Celebrating Black History Month

As part of Cresskill Middle/High School’s Black History Month celebration, students in grades 6-12 are being offered three separate screenings of Black Panther via an optional sign-up. Screenings are taking place on the mornings of Monday, February 13th, Thursday, February 23rd and Tuesday, February 28th in the Middle/High School cafeteria. The film is not only being celebrated as the first Marvel movie of its kind with a black director, a black lead actor and a majority black supporting cast, but also for its Afrofuturistic treatment of Black History and contemporary culture that raises questions about the past, present, and future. At each screening, separate groups of students watch the film, and then engage in student-led discussions based on a series of reflective prompts designed to grow their thinking. Discussion questions include: 

  • Why is Black Panther considered an Afrofuturist movie?  What are some examples from the movie that show it is part of this genre?  

  • Why do Killmonger’s actions and ideas appeal to so many people?  Do you believe Killmongers reasons for wanting to take over Wakanda and its resources were valid?  Why or why not?  Is Killmonger a real villain?  

  • Right before Killmonger dies, he says, “Bury me in the ocean, with my ancestors that jumped from the ships, because they knew death was better than bondage.” What history is he referring to?  What are your thoughts about the choice he made?

  • What is unique about the female characters in the film? (Dora Milaje, Shuri, Nakia) What did you think of the way the movie portrays women in usually “male” roles -- i.e. tech expert, warrior general, spy, etc.? What message does that convey to viewers?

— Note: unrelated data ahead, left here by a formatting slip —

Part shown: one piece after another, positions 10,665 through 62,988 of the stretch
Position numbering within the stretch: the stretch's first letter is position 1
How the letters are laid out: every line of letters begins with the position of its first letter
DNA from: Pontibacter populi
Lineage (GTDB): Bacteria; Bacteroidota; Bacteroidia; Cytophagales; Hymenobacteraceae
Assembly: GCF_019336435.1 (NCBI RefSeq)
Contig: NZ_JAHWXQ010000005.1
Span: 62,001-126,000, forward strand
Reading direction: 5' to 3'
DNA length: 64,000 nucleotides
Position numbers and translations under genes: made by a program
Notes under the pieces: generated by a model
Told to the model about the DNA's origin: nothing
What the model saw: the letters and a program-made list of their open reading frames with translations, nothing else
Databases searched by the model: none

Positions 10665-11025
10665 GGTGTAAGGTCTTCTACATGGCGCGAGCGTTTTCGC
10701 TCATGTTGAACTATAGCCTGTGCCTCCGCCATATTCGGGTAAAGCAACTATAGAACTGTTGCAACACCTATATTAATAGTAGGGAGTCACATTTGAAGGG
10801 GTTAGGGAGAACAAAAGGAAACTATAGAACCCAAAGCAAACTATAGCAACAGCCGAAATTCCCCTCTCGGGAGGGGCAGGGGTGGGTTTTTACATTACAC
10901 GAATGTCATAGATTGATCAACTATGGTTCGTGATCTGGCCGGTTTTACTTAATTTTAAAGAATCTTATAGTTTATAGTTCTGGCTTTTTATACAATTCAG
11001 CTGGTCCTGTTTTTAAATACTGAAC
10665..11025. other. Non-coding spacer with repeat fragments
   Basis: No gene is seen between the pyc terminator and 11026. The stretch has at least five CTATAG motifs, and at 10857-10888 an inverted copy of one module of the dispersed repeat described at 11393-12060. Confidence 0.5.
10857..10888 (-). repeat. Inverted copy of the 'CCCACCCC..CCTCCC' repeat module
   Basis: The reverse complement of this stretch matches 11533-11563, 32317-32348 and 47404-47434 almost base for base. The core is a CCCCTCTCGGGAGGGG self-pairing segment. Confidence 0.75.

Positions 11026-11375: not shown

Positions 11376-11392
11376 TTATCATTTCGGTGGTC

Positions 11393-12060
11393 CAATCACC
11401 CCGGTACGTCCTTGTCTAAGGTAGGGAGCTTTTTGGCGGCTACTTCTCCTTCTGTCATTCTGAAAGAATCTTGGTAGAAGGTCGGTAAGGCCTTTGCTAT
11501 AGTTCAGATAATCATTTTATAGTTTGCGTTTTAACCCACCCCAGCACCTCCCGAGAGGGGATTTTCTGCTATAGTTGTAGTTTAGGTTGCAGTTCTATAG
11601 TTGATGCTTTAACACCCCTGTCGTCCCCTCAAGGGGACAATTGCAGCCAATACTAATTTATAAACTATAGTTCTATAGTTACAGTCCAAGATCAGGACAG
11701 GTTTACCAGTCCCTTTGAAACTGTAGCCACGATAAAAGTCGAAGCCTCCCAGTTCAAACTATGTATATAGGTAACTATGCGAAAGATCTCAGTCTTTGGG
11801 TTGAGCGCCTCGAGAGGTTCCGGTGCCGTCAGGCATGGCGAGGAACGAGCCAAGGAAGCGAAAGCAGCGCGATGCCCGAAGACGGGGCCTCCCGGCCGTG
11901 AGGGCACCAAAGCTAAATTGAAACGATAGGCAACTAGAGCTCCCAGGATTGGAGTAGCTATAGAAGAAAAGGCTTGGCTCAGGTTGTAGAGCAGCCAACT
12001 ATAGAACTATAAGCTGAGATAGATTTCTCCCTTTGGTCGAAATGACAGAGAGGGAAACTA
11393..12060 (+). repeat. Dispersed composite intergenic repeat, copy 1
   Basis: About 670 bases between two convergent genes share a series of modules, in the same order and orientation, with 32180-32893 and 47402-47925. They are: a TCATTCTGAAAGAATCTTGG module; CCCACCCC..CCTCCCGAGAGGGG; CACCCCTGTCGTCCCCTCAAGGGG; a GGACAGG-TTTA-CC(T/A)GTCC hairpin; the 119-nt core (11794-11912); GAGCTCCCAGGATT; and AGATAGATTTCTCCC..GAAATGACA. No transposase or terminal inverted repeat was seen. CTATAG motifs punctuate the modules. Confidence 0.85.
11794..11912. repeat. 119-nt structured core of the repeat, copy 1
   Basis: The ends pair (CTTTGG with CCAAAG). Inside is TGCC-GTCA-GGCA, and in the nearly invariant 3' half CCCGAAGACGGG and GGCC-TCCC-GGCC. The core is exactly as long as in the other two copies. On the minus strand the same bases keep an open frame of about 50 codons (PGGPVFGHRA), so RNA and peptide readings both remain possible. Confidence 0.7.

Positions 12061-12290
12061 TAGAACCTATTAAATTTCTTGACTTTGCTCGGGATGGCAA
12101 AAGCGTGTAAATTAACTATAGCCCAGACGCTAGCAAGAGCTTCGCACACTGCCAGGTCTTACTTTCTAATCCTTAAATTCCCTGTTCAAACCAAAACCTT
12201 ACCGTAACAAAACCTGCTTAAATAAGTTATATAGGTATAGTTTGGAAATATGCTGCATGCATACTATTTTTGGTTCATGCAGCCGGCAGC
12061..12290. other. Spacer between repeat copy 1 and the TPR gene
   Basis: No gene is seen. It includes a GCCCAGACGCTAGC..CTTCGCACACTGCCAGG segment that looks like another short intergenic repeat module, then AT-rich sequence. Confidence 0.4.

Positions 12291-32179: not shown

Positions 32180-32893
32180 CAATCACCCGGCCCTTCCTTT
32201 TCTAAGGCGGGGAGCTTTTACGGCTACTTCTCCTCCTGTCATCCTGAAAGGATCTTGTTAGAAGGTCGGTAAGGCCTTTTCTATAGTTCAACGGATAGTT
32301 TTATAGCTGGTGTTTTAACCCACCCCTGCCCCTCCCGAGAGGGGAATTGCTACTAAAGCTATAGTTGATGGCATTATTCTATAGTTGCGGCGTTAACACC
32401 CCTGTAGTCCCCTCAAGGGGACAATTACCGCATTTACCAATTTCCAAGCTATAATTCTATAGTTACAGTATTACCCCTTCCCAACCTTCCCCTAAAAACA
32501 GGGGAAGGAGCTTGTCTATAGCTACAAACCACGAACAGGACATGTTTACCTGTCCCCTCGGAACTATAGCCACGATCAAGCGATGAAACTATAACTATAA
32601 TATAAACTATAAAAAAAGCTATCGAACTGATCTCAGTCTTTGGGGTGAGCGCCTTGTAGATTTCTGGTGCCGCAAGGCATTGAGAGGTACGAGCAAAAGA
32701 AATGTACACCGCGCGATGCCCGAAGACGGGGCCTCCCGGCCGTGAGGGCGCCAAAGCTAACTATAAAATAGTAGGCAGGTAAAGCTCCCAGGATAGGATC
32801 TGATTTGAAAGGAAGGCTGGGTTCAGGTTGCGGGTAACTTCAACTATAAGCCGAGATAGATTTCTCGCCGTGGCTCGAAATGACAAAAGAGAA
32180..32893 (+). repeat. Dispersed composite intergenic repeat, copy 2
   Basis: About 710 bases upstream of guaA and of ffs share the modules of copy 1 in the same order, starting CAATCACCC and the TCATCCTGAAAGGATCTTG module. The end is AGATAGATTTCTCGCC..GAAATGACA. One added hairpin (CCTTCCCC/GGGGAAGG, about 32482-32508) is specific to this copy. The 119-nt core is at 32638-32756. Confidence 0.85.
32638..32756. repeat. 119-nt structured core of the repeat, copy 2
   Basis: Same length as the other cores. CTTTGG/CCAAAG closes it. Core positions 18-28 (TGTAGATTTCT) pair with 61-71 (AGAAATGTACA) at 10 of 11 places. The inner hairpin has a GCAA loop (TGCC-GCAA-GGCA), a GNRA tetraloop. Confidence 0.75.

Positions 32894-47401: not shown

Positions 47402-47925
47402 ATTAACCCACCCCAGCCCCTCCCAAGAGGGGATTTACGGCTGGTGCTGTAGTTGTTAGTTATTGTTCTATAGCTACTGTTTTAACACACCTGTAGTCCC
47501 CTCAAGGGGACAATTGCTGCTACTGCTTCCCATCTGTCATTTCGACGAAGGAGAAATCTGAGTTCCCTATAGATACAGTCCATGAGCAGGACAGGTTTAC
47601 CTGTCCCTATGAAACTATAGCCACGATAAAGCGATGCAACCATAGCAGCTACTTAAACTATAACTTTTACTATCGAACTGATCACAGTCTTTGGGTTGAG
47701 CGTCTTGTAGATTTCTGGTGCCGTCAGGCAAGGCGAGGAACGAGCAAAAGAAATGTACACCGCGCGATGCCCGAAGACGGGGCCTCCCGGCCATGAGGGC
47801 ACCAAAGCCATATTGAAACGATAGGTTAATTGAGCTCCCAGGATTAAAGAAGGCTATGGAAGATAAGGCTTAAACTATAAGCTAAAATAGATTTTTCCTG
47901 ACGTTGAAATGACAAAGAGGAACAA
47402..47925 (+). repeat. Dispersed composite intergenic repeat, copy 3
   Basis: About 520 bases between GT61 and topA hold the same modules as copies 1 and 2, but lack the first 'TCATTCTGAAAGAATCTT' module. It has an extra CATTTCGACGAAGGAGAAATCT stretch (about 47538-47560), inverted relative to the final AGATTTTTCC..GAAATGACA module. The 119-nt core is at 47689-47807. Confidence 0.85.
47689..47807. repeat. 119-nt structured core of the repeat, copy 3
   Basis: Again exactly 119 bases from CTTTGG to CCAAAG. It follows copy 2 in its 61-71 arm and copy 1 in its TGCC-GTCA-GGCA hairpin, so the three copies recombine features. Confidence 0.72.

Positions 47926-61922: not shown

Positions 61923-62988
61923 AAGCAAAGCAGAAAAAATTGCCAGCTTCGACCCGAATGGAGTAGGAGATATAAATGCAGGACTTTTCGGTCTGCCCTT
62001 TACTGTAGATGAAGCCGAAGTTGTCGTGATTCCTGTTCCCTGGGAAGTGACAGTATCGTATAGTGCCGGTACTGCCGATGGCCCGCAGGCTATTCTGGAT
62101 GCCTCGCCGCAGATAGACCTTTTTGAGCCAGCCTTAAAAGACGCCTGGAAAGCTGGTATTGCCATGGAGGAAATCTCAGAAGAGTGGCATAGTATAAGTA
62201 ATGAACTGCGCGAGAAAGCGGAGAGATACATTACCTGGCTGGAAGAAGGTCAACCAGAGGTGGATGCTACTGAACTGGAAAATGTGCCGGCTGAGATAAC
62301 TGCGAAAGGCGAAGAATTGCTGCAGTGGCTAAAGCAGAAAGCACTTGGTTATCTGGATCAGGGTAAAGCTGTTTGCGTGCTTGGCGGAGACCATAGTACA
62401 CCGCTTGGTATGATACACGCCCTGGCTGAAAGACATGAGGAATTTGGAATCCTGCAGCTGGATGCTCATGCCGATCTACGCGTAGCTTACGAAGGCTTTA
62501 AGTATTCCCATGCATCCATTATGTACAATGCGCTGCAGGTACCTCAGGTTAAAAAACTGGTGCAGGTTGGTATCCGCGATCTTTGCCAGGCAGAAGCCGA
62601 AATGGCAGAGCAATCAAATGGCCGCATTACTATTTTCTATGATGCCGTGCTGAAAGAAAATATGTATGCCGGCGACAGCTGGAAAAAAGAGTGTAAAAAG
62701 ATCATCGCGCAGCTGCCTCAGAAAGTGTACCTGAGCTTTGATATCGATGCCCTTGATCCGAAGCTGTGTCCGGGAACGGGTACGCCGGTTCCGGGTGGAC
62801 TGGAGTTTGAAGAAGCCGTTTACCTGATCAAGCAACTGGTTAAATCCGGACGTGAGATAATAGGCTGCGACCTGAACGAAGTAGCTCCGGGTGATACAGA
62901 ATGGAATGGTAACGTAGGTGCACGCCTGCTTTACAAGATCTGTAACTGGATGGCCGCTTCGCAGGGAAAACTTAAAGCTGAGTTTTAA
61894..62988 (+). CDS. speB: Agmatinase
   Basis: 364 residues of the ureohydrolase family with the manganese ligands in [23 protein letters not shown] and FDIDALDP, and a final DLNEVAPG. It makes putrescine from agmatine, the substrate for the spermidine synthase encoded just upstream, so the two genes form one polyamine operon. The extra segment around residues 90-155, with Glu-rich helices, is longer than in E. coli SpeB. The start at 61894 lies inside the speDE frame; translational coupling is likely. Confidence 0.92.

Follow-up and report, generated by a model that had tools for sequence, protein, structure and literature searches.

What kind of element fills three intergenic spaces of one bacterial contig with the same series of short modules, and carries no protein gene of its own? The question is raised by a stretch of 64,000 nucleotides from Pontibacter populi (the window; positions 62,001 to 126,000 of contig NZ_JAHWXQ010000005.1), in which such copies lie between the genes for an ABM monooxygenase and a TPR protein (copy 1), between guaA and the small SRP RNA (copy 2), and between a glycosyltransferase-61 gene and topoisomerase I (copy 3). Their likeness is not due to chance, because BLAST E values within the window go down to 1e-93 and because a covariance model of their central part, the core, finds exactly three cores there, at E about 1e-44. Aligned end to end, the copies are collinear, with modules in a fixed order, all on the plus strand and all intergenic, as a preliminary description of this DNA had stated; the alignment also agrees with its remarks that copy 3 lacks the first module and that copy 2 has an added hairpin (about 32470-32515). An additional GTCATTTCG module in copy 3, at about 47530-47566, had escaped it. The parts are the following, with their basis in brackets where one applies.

• According to the movie, what type of world should exist?  In what ways does our world fall short in being this way? 

  • How did your thinking about this film grow and change based on your conversation today? 

  • What would be a good discussion question for the next screening? 

Within the elementary schools,  students in grades K-5 are enjoying read-alouds of the book Your Name is a Song, by Jamilah Thompkins-Bigelow. This story is about a little girl who is frustrated by a day full of teachers and classmates mispronouncing her beautiful name, and who tells her mother that she never wants to come back to school. In response, her mother teaches her the musicality of African names. On their lyrical walk home from school through the city, the girl’s mother emphasizes that Asian, Black American, Latinx, and Middle Eastern names all have beautiful rhythm and song. Through the story, our students will learn the importance of a name, the beauty and history behind our names, and take pride in their identities. Students will be engaging in various activities that celebrate cultures and diversity as they learn about each other’s uniqueness. Discussion questions include: 

  • What would you do if no one could pronounce your name on the first day of school?

  • Has anyone ever said or spelled your name wrong? How did that make you feel? What did you do? Or what did you want to do?

  • How do you show respect when using each other’s names? How can you be sure you are pronouncing a person’s name correctly?

  • What does identity mean? How do people’s names relate to their identity? What might your name tell others about your identity?

Check out this link for a short video capturing the impact of how caring about each other's names and how to say them celebrates who we are each and every day.